Lots of bloggers are posting about This MoneySupermarket.com Challenge at the moment - I spotted Sue talking about it earlier in the week, and others have mentioned it too. I guess finding ways of saving an "actual" pound are quite tricky, but we all have lots of things that we do which save that over time, or maybe even more, in one go - here are mine:

1) Drive GENTLY. Cut out harsh braking or acceleration, leave in time that you don't have to rush, and clear out the toot in the boot! You MUST carry a tyre pump, and some water & screenwash is sensible "just in case" - but most of us carry a whole heap of nonsense that doesn't get used from one year to the next!
2) Keep your car maintained - while servicing etc can be pricey, at least a basic service is needed at the interval recommended by your car's manufacturer (or close to it, at least) and pumping up your tyres costs nothing, and keeps the Miles-Per-Gallon good too.
3) Wash your car by hand, not at the jetwash or carwash. This not only saves a fortune, but means that you spot any little bits of damage, rust spots etc before they spread and cause a problem.
4) Stick to the speed limit, and DON'T call or text while driving - obvious, I know, but if you drive within the law, you won't get hit with pricey fines or, worse, more expensive insurance!
5) Consider whether you actually NEED a car - if you live and work in the same city, then it may be that you don't, and hiring one when just needed would save you a fortune.
6) If like me you forget to return library books on time, then try buying from charity shops instead - I pay 40 0r 50p a book at our two excellent local independent charity shops. You're acquiring your reading material at a cut price, helping a good cause and saving on library fines, too!
7) Agree with friends/family to swap books between you once they've been read
8) Set up a "Community book exchange" either in a common area at home if you're in a flat and your lease allows it, or at your place of work maybe.
9) If you have friends with common interests, magazines are also a great swapping commodity - 4 of you into photography (for example) buy one magazine each a month, and get to read 4 for the same cost!
10) Consider a box of charity-shop books as a Christmas or Birthday present for a keen reader - they will love the amount of thought that has gone into it, AND the amount of money they will save on reading material!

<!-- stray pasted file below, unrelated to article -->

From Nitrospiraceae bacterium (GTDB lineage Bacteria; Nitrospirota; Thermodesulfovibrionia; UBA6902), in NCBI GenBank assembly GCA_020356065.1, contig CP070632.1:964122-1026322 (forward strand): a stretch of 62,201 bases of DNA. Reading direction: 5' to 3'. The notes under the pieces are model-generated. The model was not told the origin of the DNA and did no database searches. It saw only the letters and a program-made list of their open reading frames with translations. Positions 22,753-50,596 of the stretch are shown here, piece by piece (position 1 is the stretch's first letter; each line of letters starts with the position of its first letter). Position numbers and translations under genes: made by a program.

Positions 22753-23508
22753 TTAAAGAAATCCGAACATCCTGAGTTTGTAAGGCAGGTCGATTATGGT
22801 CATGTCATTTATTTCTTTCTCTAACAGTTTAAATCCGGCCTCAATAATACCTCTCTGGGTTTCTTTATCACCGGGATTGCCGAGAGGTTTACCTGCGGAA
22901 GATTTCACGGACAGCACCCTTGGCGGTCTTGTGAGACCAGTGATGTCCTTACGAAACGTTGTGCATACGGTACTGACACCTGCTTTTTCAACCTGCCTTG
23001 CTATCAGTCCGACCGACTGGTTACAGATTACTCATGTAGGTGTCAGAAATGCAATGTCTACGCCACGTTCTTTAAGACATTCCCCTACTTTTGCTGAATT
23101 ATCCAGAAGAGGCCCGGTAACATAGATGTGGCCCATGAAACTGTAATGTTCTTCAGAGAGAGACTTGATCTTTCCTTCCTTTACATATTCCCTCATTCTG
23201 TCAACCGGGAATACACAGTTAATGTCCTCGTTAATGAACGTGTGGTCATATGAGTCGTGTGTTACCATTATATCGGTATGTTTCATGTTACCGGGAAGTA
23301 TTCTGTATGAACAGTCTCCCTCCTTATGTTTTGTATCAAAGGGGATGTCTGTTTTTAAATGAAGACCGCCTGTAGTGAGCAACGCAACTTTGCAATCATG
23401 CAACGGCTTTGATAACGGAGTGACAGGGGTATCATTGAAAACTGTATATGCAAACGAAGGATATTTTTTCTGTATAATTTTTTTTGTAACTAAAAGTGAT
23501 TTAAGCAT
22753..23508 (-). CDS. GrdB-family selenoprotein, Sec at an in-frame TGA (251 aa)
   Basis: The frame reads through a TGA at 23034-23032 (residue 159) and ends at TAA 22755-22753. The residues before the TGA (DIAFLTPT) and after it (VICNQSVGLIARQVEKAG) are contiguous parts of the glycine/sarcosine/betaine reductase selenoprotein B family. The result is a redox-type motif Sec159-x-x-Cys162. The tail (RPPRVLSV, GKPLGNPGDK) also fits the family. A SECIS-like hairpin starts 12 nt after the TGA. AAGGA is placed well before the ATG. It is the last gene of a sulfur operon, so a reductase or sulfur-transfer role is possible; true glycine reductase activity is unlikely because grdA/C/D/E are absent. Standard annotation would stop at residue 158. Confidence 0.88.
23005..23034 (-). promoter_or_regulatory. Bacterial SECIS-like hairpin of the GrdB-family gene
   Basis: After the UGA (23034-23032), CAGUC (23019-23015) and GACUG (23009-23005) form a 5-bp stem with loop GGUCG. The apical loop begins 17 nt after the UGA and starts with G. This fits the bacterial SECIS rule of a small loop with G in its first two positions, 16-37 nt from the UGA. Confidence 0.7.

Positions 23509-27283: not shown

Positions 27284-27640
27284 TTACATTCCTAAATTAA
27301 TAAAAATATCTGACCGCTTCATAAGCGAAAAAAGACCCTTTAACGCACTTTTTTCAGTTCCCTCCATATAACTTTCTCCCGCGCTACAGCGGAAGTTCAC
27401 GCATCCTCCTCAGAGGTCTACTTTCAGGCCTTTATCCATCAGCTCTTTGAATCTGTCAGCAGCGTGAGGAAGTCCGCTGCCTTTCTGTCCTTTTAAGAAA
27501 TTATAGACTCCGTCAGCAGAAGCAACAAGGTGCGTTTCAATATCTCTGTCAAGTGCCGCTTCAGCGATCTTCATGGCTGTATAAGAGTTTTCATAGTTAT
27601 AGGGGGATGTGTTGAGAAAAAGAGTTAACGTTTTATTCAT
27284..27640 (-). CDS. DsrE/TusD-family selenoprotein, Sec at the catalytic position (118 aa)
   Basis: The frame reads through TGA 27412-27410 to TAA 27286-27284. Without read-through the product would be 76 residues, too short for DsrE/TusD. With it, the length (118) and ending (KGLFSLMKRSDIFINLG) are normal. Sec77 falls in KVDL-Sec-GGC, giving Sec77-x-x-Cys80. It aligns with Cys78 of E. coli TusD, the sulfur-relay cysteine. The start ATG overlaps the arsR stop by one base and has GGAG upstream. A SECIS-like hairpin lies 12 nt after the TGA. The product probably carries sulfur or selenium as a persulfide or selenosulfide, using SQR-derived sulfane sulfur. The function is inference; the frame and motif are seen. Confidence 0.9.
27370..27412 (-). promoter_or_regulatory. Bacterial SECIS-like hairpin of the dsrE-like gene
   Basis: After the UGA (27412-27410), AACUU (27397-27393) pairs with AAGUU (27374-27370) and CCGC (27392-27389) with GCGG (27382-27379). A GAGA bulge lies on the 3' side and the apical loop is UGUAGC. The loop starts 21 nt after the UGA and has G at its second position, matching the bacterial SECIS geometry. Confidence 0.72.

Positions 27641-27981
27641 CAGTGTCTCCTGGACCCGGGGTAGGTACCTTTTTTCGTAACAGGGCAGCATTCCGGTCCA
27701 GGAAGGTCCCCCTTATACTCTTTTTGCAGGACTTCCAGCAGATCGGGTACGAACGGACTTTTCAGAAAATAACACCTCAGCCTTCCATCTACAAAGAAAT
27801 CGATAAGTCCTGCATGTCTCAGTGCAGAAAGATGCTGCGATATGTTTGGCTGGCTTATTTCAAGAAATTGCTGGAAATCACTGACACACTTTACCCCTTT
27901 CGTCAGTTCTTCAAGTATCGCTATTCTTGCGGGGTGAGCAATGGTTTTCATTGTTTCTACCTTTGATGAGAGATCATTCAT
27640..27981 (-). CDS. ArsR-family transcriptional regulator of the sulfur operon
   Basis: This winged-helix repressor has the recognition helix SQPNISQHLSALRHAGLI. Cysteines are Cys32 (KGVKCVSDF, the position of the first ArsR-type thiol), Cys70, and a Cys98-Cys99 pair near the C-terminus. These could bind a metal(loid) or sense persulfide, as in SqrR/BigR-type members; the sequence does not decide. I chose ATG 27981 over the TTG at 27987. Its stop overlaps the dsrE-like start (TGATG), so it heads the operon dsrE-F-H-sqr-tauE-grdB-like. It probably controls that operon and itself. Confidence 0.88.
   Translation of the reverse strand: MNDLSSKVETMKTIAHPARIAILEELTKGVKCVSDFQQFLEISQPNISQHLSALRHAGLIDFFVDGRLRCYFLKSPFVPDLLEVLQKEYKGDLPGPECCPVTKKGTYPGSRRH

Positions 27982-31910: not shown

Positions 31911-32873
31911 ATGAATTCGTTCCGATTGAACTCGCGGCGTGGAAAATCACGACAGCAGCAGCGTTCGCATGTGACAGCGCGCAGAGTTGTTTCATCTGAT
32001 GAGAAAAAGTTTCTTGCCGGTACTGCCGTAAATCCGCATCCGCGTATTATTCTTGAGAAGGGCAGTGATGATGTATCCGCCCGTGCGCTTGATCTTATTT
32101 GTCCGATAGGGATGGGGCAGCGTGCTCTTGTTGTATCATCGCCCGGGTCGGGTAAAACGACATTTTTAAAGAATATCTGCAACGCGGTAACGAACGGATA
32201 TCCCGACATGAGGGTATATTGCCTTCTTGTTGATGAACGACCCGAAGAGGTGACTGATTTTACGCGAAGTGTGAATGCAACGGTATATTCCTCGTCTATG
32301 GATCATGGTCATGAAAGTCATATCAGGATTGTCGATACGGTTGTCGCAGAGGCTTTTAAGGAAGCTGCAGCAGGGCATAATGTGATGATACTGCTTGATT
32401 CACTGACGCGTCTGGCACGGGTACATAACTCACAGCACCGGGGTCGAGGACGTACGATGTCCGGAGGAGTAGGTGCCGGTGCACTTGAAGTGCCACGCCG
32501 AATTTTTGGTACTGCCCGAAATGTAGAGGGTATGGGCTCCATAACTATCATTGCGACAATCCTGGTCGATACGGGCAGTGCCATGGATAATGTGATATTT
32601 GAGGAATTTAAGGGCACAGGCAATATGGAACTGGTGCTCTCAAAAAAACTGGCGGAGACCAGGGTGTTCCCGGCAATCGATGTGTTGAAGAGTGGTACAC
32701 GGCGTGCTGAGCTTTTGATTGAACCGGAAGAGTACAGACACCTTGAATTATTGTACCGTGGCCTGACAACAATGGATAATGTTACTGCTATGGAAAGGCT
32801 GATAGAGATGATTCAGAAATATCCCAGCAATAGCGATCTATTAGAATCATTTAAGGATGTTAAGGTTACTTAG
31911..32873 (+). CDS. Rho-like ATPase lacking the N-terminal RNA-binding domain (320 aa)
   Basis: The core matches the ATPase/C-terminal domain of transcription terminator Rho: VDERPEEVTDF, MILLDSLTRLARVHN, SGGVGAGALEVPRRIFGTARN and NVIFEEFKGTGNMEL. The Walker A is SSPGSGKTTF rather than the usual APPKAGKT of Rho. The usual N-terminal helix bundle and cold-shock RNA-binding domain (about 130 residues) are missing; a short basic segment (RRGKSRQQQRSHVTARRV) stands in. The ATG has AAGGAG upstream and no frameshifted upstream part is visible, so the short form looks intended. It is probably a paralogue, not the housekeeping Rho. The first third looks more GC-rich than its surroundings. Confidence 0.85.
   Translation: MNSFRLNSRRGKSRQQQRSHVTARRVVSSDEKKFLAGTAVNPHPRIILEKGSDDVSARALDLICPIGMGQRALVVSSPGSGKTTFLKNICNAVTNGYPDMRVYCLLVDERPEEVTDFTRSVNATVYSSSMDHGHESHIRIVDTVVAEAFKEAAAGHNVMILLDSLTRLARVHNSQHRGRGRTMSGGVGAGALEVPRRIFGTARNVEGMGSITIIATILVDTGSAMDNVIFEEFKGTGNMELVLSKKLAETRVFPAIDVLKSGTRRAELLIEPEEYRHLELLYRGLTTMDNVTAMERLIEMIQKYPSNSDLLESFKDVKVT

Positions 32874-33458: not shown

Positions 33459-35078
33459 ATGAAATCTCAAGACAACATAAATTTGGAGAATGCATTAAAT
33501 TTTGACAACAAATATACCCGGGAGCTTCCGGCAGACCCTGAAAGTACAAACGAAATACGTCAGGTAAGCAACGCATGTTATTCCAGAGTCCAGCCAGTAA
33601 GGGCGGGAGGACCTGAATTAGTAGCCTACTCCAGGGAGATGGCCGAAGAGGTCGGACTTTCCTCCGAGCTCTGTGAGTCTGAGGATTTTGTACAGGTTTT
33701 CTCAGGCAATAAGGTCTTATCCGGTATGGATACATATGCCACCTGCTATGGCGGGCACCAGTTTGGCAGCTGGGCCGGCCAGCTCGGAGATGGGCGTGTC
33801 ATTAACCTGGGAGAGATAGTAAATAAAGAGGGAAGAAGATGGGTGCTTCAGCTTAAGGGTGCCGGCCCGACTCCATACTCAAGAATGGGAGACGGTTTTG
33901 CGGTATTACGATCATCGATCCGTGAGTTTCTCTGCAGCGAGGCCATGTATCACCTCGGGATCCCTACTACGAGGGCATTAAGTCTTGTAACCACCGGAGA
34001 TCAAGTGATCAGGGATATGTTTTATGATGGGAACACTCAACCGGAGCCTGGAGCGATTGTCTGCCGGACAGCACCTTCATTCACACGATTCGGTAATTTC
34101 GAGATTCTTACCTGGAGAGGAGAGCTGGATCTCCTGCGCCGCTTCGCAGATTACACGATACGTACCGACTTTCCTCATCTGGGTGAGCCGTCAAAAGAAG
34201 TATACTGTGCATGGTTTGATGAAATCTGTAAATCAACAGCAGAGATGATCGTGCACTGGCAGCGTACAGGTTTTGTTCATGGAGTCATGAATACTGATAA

11) Before buying new toiletries or cosmetics, sort through what you actually have - you might be surprised to find what stocks you've amassed!
12) Check out Pound Shops for bargains on toiletries - but go in with a clear idea in mind of what actually constitutes a "bargain" - a bottle of Shampoo for £1 is NOT cheap when Asda have an ongoing "4 for £3" deal on the brand - buy four bottles at Asda instead and that's your pound saved!
13) Check the pack sizes on things you buy in pound shops and discount stores - a lot of manufacturers make goods specially for these chains, in smaller-than-normal sizes - you might get better value elsewhere!
14) If you're on "Economy 7" electricity, and your living environment allows, use timeswitches to set up things like washing machines and dishwashers to run overnight on the cheap rate.
15) Charge your mobile in the car, or in the office (better still!) but only if your employer allows it!
16) Keep your eyes peeled - MrEH is a master at finding money lying about on the streets - he found over £80 that way in 2012! (OK, this is pushing the boundaries of "Saving" £1 - but it's in the spirit of it!)
17) Carry your charger cable with you on train journeys and plug in your mobile or tablet to charge for free while you travel.
18) Research before you buy tickets for travel - learn your way around sites like Red Spotted Hanky and Megabus - as well as learning the dates and times that the individual train companies release their "advance" bargain tickets. Even buying the night before rather than on the day saves you money on some routes.
19) Another perfectly legal and above-board way of saving money on train tickets is "Split Ticketing" - where you find out where your intended train is due to stop, and then see if tickets are cheaper "split" across two legs - ie - Totnes in Devon to London, Buy one ticket from Totnes to Bristol, and a second from Bristol to London - far cheaper than buying the straight single journey! Your train MUST stop to pick up passengers at the "splitting point" though.
20) Back to that "Economy 7" Electricity - learn the times when your cheap rate is in effect - with night-rate usually being around a third of the rate per unit in daytime, it's worth getting up ten minutes earlier to shower at a fraction of the cost!
21) When you think you have reached the end of a tube of handcream, or makeup, grab the tube, with the lid tightly on, by the very end and "flick" it hard to force the remaining contents towards the "exit". Once that stops working, cut it open and you can use the rest that way. Seal the cut end with a clip to keep it hygienic.
22) In lean months "audit" what food you have in the fridge, freezer and cupboards and plan your meals around what you have. Make mealplans flexible enough that if you don't fancy Cottage pie one night, you can have beans on toast instead...
23) When shopping make a list and stick to it. Try to shop without kids, or Partner in tow if you can - it's far easier to keep your resolution when you've not got someone else egging you on to buy treats!
24) Keep the foundations of some "easy" meals in - so if you get home late, and what was on the plan will take too long to cook, you can easily rustle up something as an alternative, rather than succumbing to the lure of the takeaway!